Bioshock was a seminal video game series that reinvigorated the mechanic of the first person shooter by setting the game in a retro-futuristic dystopia. The game has often been cited as an example of how games constitute an intelligent, artistic medium. However, Bioshock’s legacy doesn’t stop there. With the rise of new independent titles that give off a Bioshock-esque vibe, it begs the question: Should there be a “Shock-like” genre?
The “-like” genre has its origins in the “Rogue-like” genre that emulated the procedurally generated role-playing game mechanics of the 1980’s game, Rogue.
Video games that have emulated Dark Souls have been dubbed “Souls-Like” and Insomniac’s new Spider-Man game is clearly an “Arkham-Like.”
To understand the potential for a “Shock-like” game, we must first pin down what elements are essential to Bioshock.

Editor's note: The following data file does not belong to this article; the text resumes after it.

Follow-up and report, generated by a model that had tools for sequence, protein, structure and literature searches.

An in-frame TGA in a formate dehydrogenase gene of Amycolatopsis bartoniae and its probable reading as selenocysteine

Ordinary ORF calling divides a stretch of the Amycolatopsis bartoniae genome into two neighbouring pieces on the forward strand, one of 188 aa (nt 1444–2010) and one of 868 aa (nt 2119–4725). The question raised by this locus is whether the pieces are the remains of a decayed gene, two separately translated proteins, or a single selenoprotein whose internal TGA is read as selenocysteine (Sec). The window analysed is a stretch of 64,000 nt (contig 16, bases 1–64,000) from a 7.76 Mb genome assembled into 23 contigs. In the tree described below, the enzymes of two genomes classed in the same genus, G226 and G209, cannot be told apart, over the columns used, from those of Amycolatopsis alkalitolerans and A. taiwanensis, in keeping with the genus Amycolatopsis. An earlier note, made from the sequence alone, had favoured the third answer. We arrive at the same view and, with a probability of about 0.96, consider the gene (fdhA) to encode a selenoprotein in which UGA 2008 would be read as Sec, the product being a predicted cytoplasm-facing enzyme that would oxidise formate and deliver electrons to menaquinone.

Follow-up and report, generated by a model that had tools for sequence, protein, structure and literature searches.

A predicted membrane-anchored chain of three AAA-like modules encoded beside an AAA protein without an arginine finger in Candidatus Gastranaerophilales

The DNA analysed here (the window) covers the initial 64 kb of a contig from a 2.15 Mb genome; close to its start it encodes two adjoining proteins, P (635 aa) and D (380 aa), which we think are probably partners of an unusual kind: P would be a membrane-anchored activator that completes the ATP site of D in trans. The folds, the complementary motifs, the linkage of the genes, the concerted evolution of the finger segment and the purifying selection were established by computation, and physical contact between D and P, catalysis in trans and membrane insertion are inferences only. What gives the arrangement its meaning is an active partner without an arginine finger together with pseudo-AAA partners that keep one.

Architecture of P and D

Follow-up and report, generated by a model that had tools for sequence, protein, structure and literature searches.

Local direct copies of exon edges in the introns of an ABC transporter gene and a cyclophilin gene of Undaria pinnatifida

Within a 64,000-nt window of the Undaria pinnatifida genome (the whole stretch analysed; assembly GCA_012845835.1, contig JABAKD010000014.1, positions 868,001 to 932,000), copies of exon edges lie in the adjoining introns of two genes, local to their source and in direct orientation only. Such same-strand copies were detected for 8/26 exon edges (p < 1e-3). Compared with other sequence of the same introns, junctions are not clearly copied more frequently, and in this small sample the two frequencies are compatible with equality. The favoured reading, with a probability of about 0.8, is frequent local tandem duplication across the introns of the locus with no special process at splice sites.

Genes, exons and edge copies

- First person gameplay that includes one melee weapon, guns, and long range super-powered attacks.
- An eerie retro-futuristic setting infused with social and political commentary.
- Bizarre and memorable characters who communicate with the player via the radio.
- Horrific enemies that require stealth or strategy to defeat.
- Mind-blowing plot twists that the player won’t see coming.
If a game utilizes three out of the five Bioshock staples, that’s enough to classify it as “Shock-like.” Although, much like the “noir” genre the “Shock-like” genre is more about a feeling rather than a narrowly defined set of characteristics. The following games are ones I would describe as “Shock-like.” Perhaps Should There Be A “Shock Like” Genre? is a rhetorical question. There already is a “Shock-like” genre, we just needed to give it a name.